“Believing in progress does not mean believing that any progress has yet been made.”
— Franz Kafka
The revised leadership structure of Ulster County government under county executive Pat Ryan is taking shape. The executive team consists at this point of an amalgam of old hands and new faces. That’s no surprise.
Responsibility for getting through the all-important budget season for 2020 lies mostly with the old hands. The operations team is headed by Deputy County executive Marc Rider and budget director and finance commissioner Burt Gulnick. Clint Johnson has been promoted to county attorney by Ryan.
The new executive’s office has been asking the department heads what they do and what they are trying to accomplish. This prolonged get-acquainted tour is a nod to a management technique called performance management, which starts with defining a job and getting it done.
Meanwhile, addressing the so-called Big Five problem areas which Ryan identified in his inauguration speech has been a major center of attention for the new administration. Considerable system disruption may be involved.
His priorities, Ryan had said in that June 7 speech in the county courthouse in Kingston, included a Green New Deal for Ulster County, tackling the opioid crisis, growing and diversifying the county economy, redefining the justice system to emphasize rehabilitative and restorative elements, and making county government more responsive and responsible.
Here, Ryan appears to be giving a nod to the thought that government is capable of walking and chewing gum at the same time. His message represents a change in approach from that of the Hein administration. Ryan’s style has been more reminiscent of business management than public administration. He’s a problem-solver. He sets measurable goals for improvement in problem areas and deploys personnel toward meeting those targets.
Despite facing another election in November to confirm his status for a full four-year term, Pat Ryan’s overwhelming electoral victory against Republican opponent Jack Hayes on April 30 has given him a mandate. Though no future election can be taken for granted, the re-run between the same two on November 5 probably won’t lead to a different outcome, with Hayes not expected to campaign actively.
The portfolio of John Milgrim, the highest-ranking new appointee in the Ryan administration, will include communications and new policy initiatives. Milgrim’s no new face to Ulster County, having worked first in Ulster County for the Middletown newspaper and then in Albany as bureau chief for the Ottaway papers. He then commuted from Ulster County to work in various communications, management and oversight positions in state government in Albany. In his first week at his new job in Kingston, Milgrim last week expressed happiness after 19 years at not having to make that daily Thruway commute any more.
The 37-year-old Ryan’s initial county appointee, to an assistant county executive’s post, was campaign worker and New Paltz Councilman Dan Torres, 29, who holds a master’s from Marist and worked for ex-county comptroller Elliott Auerbach and Assemblyman Kevin Cahill.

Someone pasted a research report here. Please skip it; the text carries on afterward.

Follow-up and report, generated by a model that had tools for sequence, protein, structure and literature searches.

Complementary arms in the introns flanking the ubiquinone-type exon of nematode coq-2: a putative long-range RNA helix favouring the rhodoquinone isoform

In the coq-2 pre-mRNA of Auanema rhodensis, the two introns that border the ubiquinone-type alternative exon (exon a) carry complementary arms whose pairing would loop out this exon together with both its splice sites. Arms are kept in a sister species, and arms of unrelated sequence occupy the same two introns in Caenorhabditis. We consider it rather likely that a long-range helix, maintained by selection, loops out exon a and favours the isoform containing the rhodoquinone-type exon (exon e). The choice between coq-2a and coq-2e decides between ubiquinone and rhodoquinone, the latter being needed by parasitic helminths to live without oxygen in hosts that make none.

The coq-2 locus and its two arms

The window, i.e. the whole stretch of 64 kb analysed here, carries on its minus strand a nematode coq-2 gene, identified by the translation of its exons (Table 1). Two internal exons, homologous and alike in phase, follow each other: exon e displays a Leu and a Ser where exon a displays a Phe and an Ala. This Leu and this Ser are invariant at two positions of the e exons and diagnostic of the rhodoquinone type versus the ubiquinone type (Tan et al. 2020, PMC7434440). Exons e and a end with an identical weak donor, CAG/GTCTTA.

Ryan has appointed veteran county health department official Vin Martello Director of Opioid Prevention Strategy, with a goal of cutting county opioid fatalities by half in two years. An award of a $2.5-million state grant through Columbia University and an additional state allocation of $216,000 will help the county meet that goal.
Another appointee is Assistant County Executive Anna Markowitz, who spent seven years on the advance team at the Obama White House. She previously founded a non-profit that specialized in educational enrichment program.
Former Marine Britany Dubner, who will be involved in outreach and strategic planning, will join the Ryan strategic planning team.
Tim Weidemann was promoted from a county economic development functionary to assistant deputy county executive and was given the impressive title of Director of Innovation. Replacing the Hein-created Division of Accountability, Compliance and Efficiency headed by Lisa Cutten, the Department of Innovation team presently consists of only of its leader. Torres explained to the Daily Freeman, a local newspaper, that his colleague would work with entities at various institutional levels, focusing on data and providing “a new way to evaluate what we’re doing.” The overall goal is to make county government more responsive and more responsible.
The Green New Deal program will pursue the goal of county-owned facilities achieving one hundred percent renewable energy by 2030 and increasing private conversions from fossil fuels to renewable sources. Various county departments will work together on action projects that improve energy efficiency and climate resilience.
A partnership involving Ryan, sheriff Juan Figueroa, the county Probation Department and other law-enforcement authorities will tackle the job of maximizing the rehabilitative and restorative elements of Ulster County’s criminal justice system.
It’s not yet clear how Ryan intends to go about growing and diversifying the county economy. He has a great interest in workforce training, and he’s been talking about infrastructure partnerships between the county and local governments.
Two obvious tasks await attention. One is the continuing in-depth evaluation of the performance of the various departments, a complex process that can involve connections to state agencies and independently elected county officials. The other involves systemic organizational change: disruption, innovation, engagement and transformation. An important consideration for Ryan’s appointments is whether they advance the accomplishment of one or more of his top five priorities.
Further appointments are likely in the near future, Milgrim has predicted